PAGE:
Pundits sometimes quip that “business ethics” is an oxymoron, a contradiction in terms because it is said that there is an inherent conflict between ethics and the pursuit of profit. But more and more, as we see the effects of such unmitigated self-interest, we begin to wonder whether the mantra of the 1980s, “Greed is good” has not visited disaster on so many people today. Today we find ourselves in a quandary—is our world spinning out of control? Has evil taken root in every sphere of our lives, so that even the very means of our efforts to sustain our existence are now suspect?
In our time Pope Francis said in his Ecumenical, Evangeli Gaudium, humanity is experiencing a turning point in its history, as can be seen from the advances occurring in the sciences and in technology. We are in an age of knowledge and information, and he has commented that this “has led to new and often anonymous kinds of power.” He notes that today we have “an economy of exclusion and inequality.” In a system that idolizes increased profit, everything that stands in its way is pushed aside. Behind this attitude lurks a rejection of ethics. Ethics has come to be viewed with derision, as being counterproductive. It is felt to be a threat, because it condemns the manipulation and debasement of the person, and that “ethics leads to a God who calls for a committed response, which is outside of the categories of the marketplace.”
Likewise, referring to Pope Benedict XVI’s third Encyclical, Caritas in Veritate, Jesuit Father Federico Lombardi, director of the Vatican press office observed, “…the Encyclical offers a message of hope: Humanity has a mission and the means to transform the world and progress in justice and love in human relations, even in the social and economic field.”
Among other things, Benedict XVI emphasized that the economy is not a moral-free zone. Perhaps, Caritas in Veritate’s most important truth-claim about economic life is that the market economy cannot be based on just any value system…market economies must be underpinned by commitments to particular moral goods and a certain vision of the human person if it is to serve rather than undermine humanity’s common good.” He stressed that, “The economy needs ethics in order to function correctly—not any ethics whatsoever, but an ethics which is people-centered.”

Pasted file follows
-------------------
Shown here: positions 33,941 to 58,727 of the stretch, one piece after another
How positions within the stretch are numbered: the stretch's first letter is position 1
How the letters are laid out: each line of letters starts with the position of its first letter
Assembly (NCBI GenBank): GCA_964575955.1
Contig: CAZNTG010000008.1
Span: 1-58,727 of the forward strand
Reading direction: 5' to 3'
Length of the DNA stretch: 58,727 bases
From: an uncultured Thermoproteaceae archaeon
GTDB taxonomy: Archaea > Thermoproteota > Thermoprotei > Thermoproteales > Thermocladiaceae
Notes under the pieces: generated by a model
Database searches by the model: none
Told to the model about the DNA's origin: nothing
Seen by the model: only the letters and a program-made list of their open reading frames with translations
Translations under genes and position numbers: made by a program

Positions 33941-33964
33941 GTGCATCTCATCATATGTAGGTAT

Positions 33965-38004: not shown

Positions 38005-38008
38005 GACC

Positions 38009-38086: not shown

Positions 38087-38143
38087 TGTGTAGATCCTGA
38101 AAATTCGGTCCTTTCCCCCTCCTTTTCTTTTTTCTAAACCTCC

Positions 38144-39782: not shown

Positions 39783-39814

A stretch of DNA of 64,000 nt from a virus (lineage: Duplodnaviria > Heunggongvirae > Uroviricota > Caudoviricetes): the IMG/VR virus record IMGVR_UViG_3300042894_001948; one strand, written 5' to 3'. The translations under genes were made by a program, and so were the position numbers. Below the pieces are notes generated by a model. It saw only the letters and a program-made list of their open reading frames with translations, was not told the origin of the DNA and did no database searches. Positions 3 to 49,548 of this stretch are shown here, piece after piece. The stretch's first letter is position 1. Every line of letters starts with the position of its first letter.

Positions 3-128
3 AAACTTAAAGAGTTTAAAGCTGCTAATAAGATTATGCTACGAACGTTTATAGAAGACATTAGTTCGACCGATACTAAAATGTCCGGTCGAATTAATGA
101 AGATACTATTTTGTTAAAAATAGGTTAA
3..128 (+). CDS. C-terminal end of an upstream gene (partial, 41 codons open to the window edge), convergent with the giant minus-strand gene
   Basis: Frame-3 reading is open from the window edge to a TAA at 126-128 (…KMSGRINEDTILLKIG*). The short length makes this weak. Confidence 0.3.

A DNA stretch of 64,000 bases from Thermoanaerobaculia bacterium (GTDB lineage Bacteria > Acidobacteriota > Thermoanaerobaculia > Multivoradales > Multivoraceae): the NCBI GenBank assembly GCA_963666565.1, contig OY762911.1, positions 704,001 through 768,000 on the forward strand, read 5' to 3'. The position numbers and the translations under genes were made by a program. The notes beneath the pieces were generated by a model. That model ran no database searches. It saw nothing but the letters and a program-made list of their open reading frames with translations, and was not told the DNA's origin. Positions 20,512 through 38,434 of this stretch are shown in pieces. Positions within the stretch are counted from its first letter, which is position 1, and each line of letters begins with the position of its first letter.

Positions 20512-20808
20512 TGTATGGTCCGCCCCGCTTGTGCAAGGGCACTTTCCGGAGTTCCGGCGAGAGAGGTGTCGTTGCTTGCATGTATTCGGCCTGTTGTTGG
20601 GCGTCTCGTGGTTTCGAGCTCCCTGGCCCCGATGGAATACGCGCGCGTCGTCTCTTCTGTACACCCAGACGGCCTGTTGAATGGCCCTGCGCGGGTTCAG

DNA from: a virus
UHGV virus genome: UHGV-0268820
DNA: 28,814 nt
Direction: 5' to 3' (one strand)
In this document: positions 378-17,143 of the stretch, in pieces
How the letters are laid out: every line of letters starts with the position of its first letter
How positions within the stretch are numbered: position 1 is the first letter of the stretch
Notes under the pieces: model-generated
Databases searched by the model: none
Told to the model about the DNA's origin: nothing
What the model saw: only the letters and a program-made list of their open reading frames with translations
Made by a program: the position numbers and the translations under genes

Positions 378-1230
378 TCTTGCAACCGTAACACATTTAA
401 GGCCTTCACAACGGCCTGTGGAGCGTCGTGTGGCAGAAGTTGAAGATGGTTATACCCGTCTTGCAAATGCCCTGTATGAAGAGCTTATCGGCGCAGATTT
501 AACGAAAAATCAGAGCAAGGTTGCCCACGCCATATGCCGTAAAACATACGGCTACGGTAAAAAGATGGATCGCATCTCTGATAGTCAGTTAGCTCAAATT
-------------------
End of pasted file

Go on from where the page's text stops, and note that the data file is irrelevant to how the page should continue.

And indeed, today, there is talk of ethics in finance and business. Corporate governance, which has become a buzzword in financial and capital markets is ethics-based. And so, we have seen a rise in government regulations, in the adoption of corporate governance codes, in the formulation of codes of conduct, in the strict observance of international financial standards. We are seeing that ethical behavior is the best long-term business strategy for a company. However, as the world struggles to “laymanize” ethics and ethical behavior, it seems to lose sight of what the Church has continually emphasized—that the heart of social doctrine remains to be the human person. This has to be the source that should inspire the thinking and behavior of businessmen and government leaders—their policies, actions and responses must always consider the centrality of the human person.
Unfortunately, growth and development, as the world sees it, are independent or differentiated from the question of faith, as if human promotion is one thing, and the proclamation of faith is another…hence the idea that ethics and business are incompatible…that economics and religion never the twain can meet.
The development of peoples, “is intimately linked to the development of individuals.” But all too often governments and political systems consider the development of peoples as matters of technological progress, of opening up markets and removing tariffs, of more investment in production, of financial engineering and institutional reforms…in other words, outside the realm of spirituality. It must be said, however, that true development is about integral development, which is about the whole person, and includes his spiritual development. In other words, ethics must be central to any ordering of human affairs.